Case Report Open Access
Giant Oocytes with Two Meiotic Spindles and Two Polar Bodies: Report of Two Cases
Baris Baykal1*, Cem Korkmaz1, Muhterem Bahçe2, Cihangir Mutlu Ercan1 and Temel Ceyhan1
1ART Centre, Department of Obstetrics and Gynecology, Gulhane Research and Training Hospital, University of Health Sciences, Ankara, Turkey.
2MBGENLAB Genetic Diseases Diagnosis Center, Ankara, Turkey.
*Corresponding author: Dr. Baris Baykal, ART Centre, Department of Obstetrics and Gynecology, Gulhane Research and Training Hospital, University of Health Sciences, Ankara,Turkey; E-mail: @
Received: May 08, 2017; Accepted: May 22, 2017; Published: May 31, 2017
Citation: Baykal B, Korkmaz C, Bahçe M, Ercan CM, Ceyhan ST (2017) Giant Oocytes with Two Meiotic Spindles and Two Polar Bodies: Report of Two Cases. SOJ Gynecol Obstet Womens Health 3(2):1-3 DOI:
With the advent of IVF technology, the terms normal and abnormal oocytes have been defined and one type of abnormal oocyte is the “giant oocyte”. Giant oocytes are defined to have a 30% larger diameter and twice the volume of normal oocytes[1,2]. Giant oocyte is a rarery observed phenomenon among humans and embryos may develop from these oocytes [2,3].The first hypothesis for the mechanism of their formation is cytoplasmic fusion of two oogonia and the second one is the lack of cytokinesis during mitotic divisions in an oogonium [4]. Fertilization and progression of a giant oocyte is suspected to be the cause of digynic triploidy, which is defined as triploidy with two maternal and one paternal complements [5]. In this case report, we present two giant oocytes, each shown to have two meiotic spindles via visualization by polarization microscope. Because giant oocytes can develop into embryos that are morphologically normal, but genetically abnormal, an embryologist has to be aware of this phenomenon. For this reason, the scientific aim of this report is to present the polarization microscopic properties of giant oocytes and increase the awareness of such oocytes among embryologists.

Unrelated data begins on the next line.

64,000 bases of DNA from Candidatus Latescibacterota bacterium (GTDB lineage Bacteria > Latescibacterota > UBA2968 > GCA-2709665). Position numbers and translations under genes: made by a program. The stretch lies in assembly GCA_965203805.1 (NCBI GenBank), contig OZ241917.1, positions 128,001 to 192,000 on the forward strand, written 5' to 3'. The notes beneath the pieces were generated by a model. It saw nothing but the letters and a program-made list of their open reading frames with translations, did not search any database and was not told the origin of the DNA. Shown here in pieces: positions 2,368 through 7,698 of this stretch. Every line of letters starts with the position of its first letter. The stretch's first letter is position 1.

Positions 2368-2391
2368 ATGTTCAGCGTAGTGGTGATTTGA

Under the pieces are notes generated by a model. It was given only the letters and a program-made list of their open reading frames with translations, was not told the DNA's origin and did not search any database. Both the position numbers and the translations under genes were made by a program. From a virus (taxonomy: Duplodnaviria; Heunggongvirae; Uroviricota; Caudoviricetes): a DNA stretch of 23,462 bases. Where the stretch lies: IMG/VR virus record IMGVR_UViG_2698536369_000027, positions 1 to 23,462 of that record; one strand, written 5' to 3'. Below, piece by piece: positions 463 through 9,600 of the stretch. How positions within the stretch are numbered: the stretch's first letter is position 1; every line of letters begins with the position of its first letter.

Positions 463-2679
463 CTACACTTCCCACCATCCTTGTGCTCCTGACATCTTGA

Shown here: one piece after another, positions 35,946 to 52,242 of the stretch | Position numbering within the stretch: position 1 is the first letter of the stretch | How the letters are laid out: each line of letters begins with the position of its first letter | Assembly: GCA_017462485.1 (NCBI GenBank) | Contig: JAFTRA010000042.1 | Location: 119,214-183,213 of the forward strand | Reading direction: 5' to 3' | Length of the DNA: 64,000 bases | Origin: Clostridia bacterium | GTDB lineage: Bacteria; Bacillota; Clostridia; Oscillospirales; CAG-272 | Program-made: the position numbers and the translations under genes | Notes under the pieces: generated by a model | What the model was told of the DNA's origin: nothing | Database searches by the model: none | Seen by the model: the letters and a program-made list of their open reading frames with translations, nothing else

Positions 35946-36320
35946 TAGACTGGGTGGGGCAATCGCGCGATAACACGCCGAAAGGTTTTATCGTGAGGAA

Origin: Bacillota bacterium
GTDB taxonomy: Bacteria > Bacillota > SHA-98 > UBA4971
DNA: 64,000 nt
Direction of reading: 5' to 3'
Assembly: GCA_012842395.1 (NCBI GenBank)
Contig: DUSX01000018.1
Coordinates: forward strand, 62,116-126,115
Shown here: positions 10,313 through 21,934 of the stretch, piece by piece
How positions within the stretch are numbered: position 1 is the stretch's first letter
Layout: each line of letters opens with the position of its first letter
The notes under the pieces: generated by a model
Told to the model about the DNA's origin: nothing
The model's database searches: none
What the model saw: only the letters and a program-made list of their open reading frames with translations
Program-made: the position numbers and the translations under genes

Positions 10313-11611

Keywords:Giant oocyte; meiotic spindle; polarization microscopy
Case Report
During the ICSI procedure of two patients with the aid of polarization microscope, we encountered giant oocytes with two distinct meiotic spindles and two polar bodies.
Figure 1: Giant oocyte retrieved from patient 1. It has two polar bodies (red and blue arrows).